The invention of the Chorleywood Bread Process (CBP) was a "watershed" moment for bakery, delegates were told at the BSB conference.

Stan Cauvain, director and vice-president of research and development at BakeTran, said the innovation of CBP continued to be relevant 50 years on and was gaining traction in areas of the world where it had not been previously used.

Cauvain, who worked at the Flour Milling and Baking Research Association (now Campden BRI) at Chorleywood for 25 years and then spent 10 years as the director of cereals and cereal processing at the Campden & Chorleywood Food Research Association, said: "When the stone called the CBP was thrown into the pond, it spread ripples across the world. It was a watershed moment for the baking industry and its importance cannot be overstated. If they are not operating it [CBP] then they are thinking about opera-ting it and this includes countries like China and India."

Ironically, despite being mainly used in the plant bakery sector, Cauvain explained that it had originally been thought CBP would also be of use to the craft sector. Another key element of the process was that, compared to the older bulk fermentation method, the CBP could use lower protein wheat, and produced bread at a much faster rate.

Although CBP is sometimes maligned, Cauvain explained that the sandwich industry of today owes much to the process. "The introduction of CBP did a very vital thing. It made us think differently about our bread. Love it or hate it, you cannot ignore the impact of CBP," added Cauvain. CBP provided something "for every consumer" he explained, saying, "If you want real bread, fine you can do it," and he added that CBP was something that should be "celebrated" by the industry.

Also at the conference was Andrew Curtis of the European Snacks Association, who gave a talk on acrylamide, outlining how the organic chemical compound a known neurotoxin and genotoxic carcinogen was discovered in 2002 and what the industry can do to combat against it. He also told how an industry "toolbox" has been developed and is available for businesses that want to identify potential acrylamide mitigation tools (see also Reporting In, page 11).

Curtis, scientific and regulatory affairs manager at the European Snacks Association, said there were three steps to reducing acrylamide in foods that formed the basis for the "toolbox". These included assessing the risk in; raw materials selection; recipe and product design, process design and in final preparation.

During the raw materials selection, food manufacturers should choose materials that are low in sugar potato and low asparagine cereal, said Curtis. He explained that avoiding the use of additional reducing sugars or ammonium groups would also be of help during the recipe design. During process design, said Curtis, bakers should review the potential for enzyme pre-treatment, optimise the time and temperature profile and avoid the generation of other undesirable compounds. A revision of the "toolbox", which was produced by FoodDrinkEurope (formerly known as the CIAA), came after an EFSA monitoring report that was launched in April.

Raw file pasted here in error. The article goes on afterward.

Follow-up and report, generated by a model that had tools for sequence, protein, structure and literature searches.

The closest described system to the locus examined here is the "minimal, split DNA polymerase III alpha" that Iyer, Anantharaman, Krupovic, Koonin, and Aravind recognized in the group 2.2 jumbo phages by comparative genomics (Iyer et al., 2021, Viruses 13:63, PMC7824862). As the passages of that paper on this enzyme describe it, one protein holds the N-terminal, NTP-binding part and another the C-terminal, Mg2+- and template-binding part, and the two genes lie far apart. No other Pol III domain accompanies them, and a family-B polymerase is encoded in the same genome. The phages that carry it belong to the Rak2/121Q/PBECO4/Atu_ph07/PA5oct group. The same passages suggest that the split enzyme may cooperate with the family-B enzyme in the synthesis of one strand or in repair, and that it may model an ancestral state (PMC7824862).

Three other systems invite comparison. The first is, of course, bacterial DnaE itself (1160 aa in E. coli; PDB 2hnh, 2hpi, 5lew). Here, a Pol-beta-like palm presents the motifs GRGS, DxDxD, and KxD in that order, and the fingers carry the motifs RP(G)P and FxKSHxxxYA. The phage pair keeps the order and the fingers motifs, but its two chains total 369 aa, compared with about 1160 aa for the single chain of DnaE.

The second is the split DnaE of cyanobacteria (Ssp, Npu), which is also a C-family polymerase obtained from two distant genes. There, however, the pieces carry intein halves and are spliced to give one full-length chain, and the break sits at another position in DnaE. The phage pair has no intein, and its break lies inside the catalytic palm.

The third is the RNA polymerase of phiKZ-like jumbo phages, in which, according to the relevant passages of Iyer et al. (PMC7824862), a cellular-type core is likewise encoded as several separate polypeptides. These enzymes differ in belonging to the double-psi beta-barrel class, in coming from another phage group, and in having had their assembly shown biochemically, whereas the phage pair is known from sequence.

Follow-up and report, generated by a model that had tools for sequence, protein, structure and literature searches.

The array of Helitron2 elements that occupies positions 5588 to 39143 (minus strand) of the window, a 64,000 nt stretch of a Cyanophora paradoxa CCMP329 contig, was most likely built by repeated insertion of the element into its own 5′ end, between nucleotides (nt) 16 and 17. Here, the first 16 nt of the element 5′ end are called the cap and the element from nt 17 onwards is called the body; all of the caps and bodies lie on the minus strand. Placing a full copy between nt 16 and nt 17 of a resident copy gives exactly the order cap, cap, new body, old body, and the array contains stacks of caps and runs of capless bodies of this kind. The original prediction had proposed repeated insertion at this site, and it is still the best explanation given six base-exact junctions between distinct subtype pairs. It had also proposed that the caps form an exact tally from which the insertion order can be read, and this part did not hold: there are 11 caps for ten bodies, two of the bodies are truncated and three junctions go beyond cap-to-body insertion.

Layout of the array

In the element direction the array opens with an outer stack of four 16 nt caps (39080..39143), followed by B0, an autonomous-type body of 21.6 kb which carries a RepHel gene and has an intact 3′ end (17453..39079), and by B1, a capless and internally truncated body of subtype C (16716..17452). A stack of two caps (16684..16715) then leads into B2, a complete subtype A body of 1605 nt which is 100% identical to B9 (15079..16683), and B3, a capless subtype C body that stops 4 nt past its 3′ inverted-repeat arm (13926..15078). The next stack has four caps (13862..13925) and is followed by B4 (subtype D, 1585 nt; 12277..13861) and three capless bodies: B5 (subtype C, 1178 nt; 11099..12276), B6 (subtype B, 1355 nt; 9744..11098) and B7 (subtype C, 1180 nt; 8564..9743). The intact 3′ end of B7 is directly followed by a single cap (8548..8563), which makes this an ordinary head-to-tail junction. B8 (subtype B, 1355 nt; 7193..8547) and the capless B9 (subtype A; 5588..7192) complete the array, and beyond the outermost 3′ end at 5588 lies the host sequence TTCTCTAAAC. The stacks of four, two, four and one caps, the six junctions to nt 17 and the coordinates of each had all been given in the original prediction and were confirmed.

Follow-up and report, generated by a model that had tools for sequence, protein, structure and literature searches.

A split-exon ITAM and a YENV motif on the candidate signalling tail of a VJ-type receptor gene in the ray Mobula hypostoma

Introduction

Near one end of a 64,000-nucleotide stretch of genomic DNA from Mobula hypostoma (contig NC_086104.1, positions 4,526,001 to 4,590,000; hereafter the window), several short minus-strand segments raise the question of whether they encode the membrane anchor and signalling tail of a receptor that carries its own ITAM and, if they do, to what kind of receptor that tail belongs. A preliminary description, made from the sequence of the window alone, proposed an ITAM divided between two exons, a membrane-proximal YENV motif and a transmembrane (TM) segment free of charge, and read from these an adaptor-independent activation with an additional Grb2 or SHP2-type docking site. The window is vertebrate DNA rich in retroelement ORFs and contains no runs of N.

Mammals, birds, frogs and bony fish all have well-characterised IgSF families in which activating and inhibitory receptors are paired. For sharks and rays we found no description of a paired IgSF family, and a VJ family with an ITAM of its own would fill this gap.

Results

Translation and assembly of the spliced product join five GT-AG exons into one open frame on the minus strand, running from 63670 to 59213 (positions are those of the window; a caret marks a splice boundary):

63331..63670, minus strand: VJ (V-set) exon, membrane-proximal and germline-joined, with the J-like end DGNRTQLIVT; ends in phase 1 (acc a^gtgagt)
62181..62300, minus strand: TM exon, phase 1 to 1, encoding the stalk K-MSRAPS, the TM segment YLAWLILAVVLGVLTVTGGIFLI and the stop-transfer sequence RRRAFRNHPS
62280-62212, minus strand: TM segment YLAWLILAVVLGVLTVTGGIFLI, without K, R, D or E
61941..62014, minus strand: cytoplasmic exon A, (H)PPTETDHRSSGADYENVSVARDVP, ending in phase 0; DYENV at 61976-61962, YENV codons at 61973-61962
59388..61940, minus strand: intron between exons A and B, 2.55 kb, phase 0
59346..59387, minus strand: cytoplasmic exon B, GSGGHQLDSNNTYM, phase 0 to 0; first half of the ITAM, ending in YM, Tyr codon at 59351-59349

Dr Chun-Han Chan, a senior scientific officer at the Food Standards Agency (FSA), was also on hand to give bakers and industry members an insight into allergen management from a UK regulator’s perspective. She explained how Commission Regulation No.41/2009 EC puts in place compositional criteria related to the claims ’gluten-free’ and ’very low gluten’ for foods that have been specifically manufactured to satisfy the particular nutritional requirements of people who are intolerant to gluten, and for foods that are naturally free of gluten. The limits come into force on 1 January 2012. Chan said there were 14 allergens that affected the public and there had been 482 allergy incidents reported since 2000. In 2010 alone, there were 79 allergy incidents and 34 allergy alerts, said Chan. She added that the aim of the FSA was to establish a tolerable level of risk for the consumer zero risk was "not an option", she said. And she added that the government department’s role was also to ensure that analytical methods were fit for purpose.

From the retail perspective, John Waterfield, managing director of Waterfield’s gave a valuable insight to the state of the high street. He criticised what he labelled as "a lack of joined-up thinking" by a glut of local autho-rities. He said that car parking or rather a lack of cheap, affordable spaces high street rents and the threat of supermarkets were to blame for the decline on the high street. Despite the economic climate in the north west, Waterfield said the consumer was "still willing to pay more for our product". A study tour of the US had taught him that bakeries should dare to be different, he added: "Don’t compete, but differentiate."

Competition class

Wayne Caddy, head of baking at the School of Artisan Foods, also gave a talk and a video demonstration on some of his award-winning ideas. Caddy, who also runs his own bakery consultancy, was part of the UK team that entered the Bakery World Cup earlier this year. He discussed how the team worked to develop the ideal recipe and production process in order to enter a traditional baguette to the standard required for this international contest.

For more details, see Caddy’s video presentation on the production of a baguette at BB’s website